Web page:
MySqlConnector


Start Using AddWithValue

There’s some advice out there that insists calling cmd.Parameters.AddWithValue “needs to stop”.

That advice may be valid for Microsoft SQL Server, but is inapplicable to MySQL Server. If you use MySQL, you should freely use cmd.Parameters.AddWithValue("@paramName", value);.

The primary reason that AddWithValue is OK to use is that MySQL’s text protocol is not typed in a way that matters for client-side type inference.

All numbers are sent as ASCII digits (e.g., 1234), whether they’re typed as DbType.Int32 or MySqlDbType.NewDecimal, or left untyped and the value is just assigned a long or float or decimal. (Of course, if you’re trying to store a floating point number in an integer column, the server will have to convert/coerce it, but that isn’t affected by the parameter type set in your C# code.)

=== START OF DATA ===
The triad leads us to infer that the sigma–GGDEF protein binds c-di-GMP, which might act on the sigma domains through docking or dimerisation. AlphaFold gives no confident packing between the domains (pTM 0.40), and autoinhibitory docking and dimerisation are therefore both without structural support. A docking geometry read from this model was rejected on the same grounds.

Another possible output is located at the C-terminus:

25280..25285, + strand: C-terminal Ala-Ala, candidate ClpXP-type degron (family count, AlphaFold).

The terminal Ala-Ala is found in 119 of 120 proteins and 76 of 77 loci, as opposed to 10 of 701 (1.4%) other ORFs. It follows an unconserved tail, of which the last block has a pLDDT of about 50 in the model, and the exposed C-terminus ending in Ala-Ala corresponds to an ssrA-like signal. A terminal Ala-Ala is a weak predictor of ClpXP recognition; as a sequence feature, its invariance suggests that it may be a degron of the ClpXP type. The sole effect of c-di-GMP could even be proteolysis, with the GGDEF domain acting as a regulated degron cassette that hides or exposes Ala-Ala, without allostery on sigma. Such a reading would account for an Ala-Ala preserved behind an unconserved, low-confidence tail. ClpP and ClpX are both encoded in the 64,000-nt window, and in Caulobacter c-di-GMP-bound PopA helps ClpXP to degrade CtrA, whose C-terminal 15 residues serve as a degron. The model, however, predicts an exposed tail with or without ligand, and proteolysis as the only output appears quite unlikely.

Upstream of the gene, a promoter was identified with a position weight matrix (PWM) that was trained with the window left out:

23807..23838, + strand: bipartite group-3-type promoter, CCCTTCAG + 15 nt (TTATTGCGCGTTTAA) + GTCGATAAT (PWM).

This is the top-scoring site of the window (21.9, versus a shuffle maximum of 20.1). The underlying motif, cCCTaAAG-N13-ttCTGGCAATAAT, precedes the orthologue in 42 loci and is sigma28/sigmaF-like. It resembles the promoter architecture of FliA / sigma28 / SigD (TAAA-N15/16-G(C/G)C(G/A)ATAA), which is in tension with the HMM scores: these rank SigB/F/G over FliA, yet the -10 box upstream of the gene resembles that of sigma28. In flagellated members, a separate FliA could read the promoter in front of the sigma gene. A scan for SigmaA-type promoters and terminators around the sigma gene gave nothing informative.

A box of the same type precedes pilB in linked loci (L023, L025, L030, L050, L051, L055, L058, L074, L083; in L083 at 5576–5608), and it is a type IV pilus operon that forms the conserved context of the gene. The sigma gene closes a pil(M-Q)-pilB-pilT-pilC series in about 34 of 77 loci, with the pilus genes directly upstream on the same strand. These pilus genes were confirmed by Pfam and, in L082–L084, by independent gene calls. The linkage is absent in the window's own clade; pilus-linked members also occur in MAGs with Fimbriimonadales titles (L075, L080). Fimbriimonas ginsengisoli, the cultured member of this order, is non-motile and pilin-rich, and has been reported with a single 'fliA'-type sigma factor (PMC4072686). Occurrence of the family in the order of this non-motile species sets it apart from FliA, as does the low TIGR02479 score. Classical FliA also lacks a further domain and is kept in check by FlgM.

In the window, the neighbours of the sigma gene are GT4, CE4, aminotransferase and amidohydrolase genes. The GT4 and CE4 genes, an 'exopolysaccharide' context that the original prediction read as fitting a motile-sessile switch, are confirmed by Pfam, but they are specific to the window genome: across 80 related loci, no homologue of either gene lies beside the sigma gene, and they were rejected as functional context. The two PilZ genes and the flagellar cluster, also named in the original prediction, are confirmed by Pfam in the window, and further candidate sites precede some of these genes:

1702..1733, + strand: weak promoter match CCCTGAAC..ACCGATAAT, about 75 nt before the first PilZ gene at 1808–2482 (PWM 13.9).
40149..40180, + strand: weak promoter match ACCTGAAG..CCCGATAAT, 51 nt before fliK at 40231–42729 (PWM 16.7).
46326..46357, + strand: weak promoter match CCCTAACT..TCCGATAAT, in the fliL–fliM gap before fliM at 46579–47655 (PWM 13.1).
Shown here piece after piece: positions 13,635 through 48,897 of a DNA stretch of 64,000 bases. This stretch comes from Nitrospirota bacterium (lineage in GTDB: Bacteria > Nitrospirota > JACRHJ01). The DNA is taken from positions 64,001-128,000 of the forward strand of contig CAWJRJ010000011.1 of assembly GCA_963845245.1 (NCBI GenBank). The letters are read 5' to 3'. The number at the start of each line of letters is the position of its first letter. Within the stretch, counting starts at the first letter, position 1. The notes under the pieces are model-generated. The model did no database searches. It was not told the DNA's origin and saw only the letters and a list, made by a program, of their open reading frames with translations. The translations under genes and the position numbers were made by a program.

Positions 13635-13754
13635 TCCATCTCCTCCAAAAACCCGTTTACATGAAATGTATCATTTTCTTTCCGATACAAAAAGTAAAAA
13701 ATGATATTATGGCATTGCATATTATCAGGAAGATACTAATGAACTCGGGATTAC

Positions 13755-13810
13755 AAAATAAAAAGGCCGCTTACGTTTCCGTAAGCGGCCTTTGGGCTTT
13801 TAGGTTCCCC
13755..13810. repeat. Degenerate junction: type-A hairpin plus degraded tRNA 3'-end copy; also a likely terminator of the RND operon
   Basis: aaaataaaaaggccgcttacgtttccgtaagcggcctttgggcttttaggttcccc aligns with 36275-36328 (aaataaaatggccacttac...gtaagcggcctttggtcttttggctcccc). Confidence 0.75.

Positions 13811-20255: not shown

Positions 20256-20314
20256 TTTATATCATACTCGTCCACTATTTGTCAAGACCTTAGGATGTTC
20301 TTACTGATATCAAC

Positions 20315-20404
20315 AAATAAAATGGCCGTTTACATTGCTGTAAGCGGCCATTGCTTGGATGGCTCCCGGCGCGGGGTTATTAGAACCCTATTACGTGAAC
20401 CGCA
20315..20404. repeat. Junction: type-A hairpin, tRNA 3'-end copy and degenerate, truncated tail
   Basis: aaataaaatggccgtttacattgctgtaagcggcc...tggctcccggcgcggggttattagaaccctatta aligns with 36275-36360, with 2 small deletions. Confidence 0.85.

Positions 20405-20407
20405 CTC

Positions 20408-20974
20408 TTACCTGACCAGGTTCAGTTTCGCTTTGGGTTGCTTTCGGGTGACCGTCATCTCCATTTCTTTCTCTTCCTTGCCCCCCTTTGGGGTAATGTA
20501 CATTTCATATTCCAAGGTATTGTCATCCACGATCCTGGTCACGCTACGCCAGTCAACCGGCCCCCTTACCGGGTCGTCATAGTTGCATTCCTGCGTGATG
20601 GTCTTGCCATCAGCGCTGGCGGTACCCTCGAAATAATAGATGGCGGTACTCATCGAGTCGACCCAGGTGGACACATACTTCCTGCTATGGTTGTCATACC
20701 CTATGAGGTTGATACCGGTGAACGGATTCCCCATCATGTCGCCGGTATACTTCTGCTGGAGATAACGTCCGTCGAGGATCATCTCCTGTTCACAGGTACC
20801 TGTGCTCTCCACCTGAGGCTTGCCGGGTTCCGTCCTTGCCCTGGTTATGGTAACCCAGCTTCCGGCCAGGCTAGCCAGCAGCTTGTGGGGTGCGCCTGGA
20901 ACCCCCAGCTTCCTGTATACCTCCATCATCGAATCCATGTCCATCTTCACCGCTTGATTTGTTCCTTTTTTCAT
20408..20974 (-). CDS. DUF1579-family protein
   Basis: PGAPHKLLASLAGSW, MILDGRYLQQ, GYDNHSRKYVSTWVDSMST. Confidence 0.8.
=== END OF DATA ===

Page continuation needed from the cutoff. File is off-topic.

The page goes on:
Similarly, all strings are sent as UTF8-encoded bytes (e.g., 'abcd') regardless of the charset of the column they’re being inserted into (the server will perform a conversion if necessary).

It doesn’t really matter what you set the MySqlParameter.DbType or MySqlParameter.MySqlDbType property values to, so don’t worry about it; just call AddWithValue, let MySqlConnector serialize the type on the wire based on its .NET type, and let MySQL Server perform any conversion that might be necessary.